I submit that an anarchist community would approximate a clearly definable ecosystem—it would be diversified, balanced, and harmonious.
Bookchin had a minor academic career. In the 1970s he founded and directed an Institute for Social Ecology in Vermont which taught courses in “ecophilosophy,” and he also taught at Ramapo College in New Jersey, which implausibly elevated him to full professor of “social theory.” Along the way he wrote a historical study, The Spanish Anarchists. But it would be safe to say that Bookchinism did not enter into the mainstream of American political or academic thought during his lifetime.
To summarize so far: the sustainability movement arose outside the university. It has achieved worldwide political prominence through international conferences and treaties under the aegis of the United Nations. Within particular nations sustainability no doubt has many different political trajectories, but it is clearly a force to be reckoned with everywhere. This international concern has a populist basis that can be traced back to agitation in the 1960s over air and water pollution, culminating in Earth Day in 1970. Submerged in that mass movement in favor of cleaning up the environment was another more intellectualized and far more radical critique of Western industrial civilization. This radical critique splintered into many adversarial camps that were nonetheless united by the view that a truly successful environmental movement would have to dismantle competitive capitalism and rid the world of human exploitation. In the view of social ecologists, led by Murray Bookchin, “exploitation” is an undivided reality. Exploiting nature, exploiting biological diversity, and exploiting other human beings are all one and the same. Thus Cerberus grows his second and third heads. A sustainable world is one in which environmental stewardship is united with sociologist economics and a form of social justice based on radical egalitarianism.
In the mid-1990s, this three-headed conception of sustainability was an extreme rarity in American higher education—perhaps not much more than a provocative idea espoused by a handful of assistant professors hoping to make their mark. As late as the first year of this century, it was no more than a talking point in a few disciplines known for their attraction to edgy ideas. But today, sustainability is far and away the dominant ideology in American higher education. I suspect it has similar status in some other nations, especially Britain, but I intend to confine my remarks mainly to the American situation.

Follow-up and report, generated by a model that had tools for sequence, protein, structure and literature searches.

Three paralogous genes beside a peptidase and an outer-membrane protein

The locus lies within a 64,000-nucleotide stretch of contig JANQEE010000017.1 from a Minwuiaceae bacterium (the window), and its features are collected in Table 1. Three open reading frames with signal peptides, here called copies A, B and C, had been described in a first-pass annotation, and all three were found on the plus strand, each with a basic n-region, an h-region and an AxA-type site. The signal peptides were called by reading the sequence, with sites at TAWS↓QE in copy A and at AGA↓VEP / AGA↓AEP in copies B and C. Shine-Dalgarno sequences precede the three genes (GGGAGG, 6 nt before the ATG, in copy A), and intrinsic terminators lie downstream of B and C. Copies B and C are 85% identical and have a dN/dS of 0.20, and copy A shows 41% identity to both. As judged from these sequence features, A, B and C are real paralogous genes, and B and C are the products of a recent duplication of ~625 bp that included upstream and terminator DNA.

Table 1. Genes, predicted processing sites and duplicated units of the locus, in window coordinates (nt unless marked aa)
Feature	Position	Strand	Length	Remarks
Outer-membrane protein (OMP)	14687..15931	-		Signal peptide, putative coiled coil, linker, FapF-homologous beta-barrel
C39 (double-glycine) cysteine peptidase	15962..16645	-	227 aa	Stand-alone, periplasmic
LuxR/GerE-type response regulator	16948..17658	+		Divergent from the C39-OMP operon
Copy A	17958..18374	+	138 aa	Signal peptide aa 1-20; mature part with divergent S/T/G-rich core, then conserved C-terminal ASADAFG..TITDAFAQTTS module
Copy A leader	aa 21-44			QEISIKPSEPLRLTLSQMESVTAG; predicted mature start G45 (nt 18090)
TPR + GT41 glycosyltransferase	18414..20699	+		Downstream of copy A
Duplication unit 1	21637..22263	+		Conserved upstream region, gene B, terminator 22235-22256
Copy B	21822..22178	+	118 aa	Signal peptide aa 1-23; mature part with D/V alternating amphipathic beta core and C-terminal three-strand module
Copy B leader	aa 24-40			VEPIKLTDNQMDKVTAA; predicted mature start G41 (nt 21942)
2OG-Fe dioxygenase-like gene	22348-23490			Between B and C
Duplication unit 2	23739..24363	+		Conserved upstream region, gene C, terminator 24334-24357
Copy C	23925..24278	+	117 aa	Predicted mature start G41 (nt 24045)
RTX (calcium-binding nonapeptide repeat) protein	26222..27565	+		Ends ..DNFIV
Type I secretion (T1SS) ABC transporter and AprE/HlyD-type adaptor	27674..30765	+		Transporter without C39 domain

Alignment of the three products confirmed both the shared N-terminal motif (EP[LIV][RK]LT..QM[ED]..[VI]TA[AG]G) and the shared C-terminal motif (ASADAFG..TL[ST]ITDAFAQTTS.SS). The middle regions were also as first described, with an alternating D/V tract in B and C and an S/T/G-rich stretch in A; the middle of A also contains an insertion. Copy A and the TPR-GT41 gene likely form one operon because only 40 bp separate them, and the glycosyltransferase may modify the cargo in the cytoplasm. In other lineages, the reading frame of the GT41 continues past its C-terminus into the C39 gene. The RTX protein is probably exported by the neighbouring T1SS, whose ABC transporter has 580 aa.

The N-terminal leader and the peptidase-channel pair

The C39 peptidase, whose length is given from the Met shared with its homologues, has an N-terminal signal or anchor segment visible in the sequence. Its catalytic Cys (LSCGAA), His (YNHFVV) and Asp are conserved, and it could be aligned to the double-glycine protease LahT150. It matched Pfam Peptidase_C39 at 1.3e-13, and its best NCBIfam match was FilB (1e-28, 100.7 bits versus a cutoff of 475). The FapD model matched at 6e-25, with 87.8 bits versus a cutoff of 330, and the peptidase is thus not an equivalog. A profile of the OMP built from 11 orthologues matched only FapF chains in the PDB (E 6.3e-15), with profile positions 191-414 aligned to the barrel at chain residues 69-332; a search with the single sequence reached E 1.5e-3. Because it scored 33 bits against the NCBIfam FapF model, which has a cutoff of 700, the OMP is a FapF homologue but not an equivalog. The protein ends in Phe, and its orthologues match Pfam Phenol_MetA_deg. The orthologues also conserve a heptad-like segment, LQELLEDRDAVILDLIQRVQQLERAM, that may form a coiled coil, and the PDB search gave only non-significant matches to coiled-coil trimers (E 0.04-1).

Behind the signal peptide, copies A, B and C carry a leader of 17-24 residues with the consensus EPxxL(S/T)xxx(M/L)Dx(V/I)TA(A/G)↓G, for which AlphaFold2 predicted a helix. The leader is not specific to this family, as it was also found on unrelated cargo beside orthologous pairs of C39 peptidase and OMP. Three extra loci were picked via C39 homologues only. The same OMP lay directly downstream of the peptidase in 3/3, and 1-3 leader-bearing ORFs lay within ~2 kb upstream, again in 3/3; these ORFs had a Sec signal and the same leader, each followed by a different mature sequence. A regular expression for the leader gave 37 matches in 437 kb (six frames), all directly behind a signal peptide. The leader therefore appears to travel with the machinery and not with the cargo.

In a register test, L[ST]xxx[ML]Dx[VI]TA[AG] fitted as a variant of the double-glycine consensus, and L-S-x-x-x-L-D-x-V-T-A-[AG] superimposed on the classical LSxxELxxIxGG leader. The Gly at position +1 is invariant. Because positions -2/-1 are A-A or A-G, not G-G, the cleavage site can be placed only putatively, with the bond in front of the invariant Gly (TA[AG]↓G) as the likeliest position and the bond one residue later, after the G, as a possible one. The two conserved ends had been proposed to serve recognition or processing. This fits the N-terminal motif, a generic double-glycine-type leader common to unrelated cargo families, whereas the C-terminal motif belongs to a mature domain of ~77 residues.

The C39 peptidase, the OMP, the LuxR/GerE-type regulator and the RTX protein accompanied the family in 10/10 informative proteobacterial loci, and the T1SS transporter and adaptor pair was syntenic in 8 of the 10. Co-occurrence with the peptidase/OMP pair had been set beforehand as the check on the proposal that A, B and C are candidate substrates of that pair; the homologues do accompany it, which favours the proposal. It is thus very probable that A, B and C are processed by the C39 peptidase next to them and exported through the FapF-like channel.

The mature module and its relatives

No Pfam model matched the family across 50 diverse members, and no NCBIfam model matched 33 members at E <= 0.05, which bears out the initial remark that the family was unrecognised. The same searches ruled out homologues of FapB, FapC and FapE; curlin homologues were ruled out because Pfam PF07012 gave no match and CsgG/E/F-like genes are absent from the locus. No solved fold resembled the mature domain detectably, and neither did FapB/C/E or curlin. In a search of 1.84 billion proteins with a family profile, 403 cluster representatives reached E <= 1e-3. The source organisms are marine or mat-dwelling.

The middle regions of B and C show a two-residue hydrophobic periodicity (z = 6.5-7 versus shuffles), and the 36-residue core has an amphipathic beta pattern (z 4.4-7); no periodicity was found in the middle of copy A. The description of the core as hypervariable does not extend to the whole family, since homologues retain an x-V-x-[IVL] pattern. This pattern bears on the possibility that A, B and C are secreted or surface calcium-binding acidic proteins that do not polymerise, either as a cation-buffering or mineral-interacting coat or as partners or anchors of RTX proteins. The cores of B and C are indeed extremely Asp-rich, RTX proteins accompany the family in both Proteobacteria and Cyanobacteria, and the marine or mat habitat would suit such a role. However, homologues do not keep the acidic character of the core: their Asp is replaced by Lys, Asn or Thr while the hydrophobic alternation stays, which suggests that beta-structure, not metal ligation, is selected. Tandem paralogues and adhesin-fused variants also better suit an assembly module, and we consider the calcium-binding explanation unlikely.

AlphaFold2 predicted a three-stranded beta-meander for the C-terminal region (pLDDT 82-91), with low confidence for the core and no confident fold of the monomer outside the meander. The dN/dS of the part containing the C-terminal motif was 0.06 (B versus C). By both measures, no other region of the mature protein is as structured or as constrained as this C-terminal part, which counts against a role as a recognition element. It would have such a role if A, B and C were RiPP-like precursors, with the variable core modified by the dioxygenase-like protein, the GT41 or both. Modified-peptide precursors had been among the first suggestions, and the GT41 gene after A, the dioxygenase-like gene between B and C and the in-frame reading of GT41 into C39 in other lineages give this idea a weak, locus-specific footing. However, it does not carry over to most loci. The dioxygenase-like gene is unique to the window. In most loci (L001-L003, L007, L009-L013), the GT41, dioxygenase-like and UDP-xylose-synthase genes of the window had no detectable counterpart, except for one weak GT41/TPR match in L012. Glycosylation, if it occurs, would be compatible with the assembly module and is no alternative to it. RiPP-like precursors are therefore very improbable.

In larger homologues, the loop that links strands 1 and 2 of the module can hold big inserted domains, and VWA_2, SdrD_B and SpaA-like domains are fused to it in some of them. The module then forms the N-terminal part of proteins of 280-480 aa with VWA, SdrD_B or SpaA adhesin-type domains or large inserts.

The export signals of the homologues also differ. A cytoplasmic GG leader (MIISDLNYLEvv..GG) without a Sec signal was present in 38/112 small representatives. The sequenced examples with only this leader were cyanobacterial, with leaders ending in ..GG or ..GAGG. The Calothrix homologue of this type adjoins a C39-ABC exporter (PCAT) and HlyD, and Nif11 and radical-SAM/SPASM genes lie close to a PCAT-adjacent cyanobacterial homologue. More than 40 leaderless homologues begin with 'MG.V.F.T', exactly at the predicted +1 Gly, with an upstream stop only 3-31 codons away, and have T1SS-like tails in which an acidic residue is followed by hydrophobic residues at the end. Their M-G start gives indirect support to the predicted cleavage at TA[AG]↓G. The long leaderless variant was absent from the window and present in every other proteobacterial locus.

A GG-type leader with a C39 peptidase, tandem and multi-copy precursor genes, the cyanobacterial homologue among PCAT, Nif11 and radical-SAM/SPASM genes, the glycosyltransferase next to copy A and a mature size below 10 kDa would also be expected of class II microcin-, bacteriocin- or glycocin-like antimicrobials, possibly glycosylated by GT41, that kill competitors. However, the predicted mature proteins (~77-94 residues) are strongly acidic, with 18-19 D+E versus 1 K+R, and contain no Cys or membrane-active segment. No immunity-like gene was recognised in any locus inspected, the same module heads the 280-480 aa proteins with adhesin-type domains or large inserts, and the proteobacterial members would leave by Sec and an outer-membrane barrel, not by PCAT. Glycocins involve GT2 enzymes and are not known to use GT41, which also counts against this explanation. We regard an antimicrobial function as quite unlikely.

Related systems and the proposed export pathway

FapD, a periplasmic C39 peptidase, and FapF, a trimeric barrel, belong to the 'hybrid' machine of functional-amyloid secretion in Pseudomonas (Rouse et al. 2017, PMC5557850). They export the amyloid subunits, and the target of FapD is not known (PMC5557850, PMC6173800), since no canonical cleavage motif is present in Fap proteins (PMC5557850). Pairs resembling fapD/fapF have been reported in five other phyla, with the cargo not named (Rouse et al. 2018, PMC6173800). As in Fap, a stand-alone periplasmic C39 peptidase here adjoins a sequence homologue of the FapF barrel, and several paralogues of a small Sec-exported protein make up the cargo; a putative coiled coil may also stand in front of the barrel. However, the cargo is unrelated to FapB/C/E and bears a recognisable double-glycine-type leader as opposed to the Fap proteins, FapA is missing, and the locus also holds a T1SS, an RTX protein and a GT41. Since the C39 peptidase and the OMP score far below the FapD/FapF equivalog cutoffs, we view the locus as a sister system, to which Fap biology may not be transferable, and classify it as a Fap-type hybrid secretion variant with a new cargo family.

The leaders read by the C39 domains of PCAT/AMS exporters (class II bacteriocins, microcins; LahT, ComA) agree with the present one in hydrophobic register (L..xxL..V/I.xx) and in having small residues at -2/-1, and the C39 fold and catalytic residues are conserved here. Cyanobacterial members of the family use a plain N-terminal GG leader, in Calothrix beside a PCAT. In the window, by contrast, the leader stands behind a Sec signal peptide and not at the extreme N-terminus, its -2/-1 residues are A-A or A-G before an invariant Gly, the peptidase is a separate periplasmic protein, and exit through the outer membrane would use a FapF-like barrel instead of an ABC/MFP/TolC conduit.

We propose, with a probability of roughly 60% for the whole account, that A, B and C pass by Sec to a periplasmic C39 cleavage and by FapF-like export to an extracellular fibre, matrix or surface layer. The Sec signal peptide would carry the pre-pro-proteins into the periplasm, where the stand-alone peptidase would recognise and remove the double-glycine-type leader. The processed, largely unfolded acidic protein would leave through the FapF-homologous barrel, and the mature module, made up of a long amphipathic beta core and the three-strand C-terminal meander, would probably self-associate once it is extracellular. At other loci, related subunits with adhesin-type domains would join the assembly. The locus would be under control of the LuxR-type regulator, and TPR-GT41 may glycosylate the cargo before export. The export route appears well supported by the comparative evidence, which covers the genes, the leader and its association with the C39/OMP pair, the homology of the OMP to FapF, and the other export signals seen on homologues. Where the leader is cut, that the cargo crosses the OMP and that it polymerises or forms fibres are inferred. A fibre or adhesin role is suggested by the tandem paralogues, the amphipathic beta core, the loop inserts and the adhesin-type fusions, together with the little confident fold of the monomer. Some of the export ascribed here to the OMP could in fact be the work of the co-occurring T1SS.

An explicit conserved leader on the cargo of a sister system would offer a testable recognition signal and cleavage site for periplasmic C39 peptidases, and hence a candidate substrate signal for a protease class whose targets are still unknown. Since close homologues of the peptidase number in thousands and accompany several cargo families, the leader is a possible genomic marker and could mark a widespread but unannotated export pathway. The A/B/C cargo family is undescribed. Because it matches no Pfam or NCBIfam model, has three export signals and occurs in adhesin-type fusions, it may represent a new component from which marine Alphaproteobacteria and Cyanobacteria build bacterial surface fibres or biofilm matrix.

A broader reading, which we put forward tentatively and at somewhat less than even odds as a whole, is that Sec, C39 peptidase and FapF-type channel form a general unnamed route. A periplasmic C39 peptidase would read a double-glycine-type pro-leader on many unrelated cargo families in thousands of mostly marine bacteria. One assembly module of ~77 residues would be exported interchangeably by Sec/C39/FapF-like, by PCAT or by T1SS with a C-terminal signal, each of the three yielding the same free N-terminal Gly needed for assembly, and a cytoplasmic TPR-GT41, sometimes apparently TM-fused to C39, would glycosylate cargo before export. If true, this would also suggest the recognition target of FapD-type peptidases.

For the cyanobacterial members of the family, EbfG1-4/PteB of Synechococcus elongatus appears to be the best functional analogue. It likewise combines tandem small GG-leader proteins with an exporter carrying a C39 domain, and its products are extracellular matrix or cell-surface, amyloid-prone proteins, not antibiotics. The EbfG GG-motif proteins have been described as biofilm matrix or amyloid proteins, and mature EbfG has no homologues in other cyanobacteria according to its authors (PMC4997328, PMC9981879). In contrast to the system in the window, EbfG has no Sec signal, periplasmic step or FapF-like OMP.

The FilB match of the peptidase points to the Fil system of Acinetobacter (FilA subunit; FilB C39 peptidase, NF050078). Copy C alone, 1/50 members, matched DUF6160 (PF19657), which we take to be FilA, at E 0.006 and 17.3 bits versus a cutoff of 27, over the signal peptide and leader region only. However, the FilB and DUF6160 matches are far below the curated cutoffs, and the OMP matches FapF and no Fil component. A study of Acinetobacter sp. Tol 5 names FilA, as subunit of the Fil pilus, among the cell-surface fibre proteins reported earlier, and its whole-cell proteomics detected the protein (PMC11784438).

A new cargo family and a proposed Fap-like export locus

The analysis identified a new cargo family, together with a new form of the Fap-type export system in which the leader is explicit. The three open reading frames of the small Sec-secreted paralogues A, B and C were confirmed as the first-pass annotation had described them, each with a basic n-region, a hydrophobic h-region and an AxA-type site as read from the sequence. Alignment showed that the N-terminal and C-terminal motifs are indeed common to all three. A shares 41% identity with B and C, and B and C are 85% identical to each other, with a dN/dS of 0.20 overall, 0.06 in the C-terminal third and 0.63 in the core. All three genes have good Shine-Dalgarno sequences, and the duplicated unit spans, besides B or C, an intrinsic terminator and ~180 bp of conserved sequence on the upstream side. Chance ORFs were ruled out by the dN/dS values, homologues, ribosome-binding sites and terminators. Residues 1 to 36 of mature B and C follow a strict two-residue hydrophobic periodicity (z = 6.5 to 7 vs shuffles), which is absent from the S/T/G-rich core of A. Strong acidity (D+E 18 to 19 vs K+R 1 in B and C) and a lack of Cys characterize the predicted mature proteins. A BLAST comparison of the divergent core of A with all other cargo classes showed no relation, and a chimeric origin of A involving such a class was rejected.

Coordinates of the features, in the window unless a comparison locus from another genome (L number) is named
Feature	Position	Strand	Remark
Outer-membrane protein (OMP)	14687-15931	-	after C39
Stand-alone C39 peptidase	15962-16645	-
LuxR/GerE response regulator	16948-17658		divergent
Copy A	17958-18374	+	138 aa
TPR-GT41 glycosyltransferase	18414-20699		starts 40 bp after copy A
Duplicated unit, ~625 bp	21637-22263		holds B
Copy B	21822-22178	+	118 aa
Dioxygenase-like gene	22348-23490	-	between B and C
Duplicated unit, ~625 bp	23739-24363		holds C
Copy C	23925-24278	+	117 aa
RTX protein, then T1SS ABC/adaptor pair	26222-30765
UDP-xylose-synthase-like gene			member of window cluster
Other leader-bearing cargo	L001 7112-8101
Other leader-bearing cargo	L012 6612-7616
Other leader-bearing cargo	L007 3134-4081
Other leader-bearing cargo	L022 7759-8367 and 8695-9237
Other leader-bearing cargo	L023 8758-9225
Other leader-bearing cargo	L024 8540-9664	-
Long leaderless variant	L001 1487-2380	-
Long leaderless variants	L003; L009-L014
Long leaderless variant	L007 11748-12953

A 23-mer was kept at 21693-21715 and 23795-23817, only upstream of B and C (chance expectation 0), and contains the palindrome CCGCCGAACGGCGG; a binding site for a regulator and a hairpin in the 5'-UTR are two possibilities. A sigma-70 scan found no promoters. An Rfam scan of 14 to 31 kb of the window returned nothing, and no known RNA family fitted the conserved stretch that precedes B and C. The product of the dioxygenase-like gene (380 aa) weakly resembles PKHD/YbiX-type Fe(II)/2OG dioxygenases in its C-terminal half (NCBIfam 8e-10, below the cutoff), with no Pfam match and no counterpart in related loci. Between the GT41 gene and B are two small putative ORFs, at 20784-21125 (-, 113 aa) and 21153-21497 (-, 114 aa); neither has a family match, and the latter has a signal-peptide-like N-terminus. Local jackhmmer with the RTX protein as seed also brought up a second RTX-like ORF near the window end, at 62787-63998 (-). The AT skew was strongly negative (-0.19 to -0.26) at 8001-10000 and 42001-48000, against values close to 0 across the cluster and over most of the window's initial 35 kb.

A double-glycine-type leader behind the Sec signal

But having described my quarry, now I venture on to the more circuitous approach. I have said higher education in the United States is today a troubled institution. The embrace of the sustainability ideology is an instance of that trouble and a symptom of deeper troubles. To track down sustainability, I need to survey that terrain.
I say higher education in the United States is today a troubled institution, but this is, of course, by no means a novel situation. Higher education has been a troubled and troubling institution from ancient times. Partly this is because it contains or attempts to contain several social missions that restlessly pull against one another. Picture four horses with their riders hitched together with long ropes, as each attempts to gallop off in his own direction. The pursuit of truth through systematic inquiry tugs in one direction, while the transmission of cultural and civilizational heritage to a rising generation tugs in another. The practical preparation of students to work in fields that require advanced study strains in still another direction, while the insistence on shaping students’ minds and character toward an ideal of the educated person strains toward a different horizon.
These tensions are not accidental features of higher education. They are, rather, central to the enterprise, whether it is Plato’s Academy, Cicero’s and Quintilian’s conceptions of the liberal arts, the medieval university, the Humboldtian research university, the American Bible college, or any of the many other forms into which higher education has been cast. The forms vary in large part by how people have sought to resolve the tensions. Plato elevated philosophy; Cicero denigrated philosophical inquiry for its own sake and urged the practical cultivation of eloquence. Knowledge without eloquence is better than eloquence without knowledge, he argued, but the ideal is to marry the two by making oratory the great goal of education. The research university that emerged in the 19thcentury gave much more emphasis to the discovery of new knowledge. The passage of the Morrill Act in the United States in 1862 created a species of institutions called land-grant universities that attempted to synthesize teaching and research to advance manufacturing and farming, while making scant room for the liberal arts. The bill’s primary sponsor, Senator Justin Morrill of Vermont, regarded classical learning as a pernicious nuisance.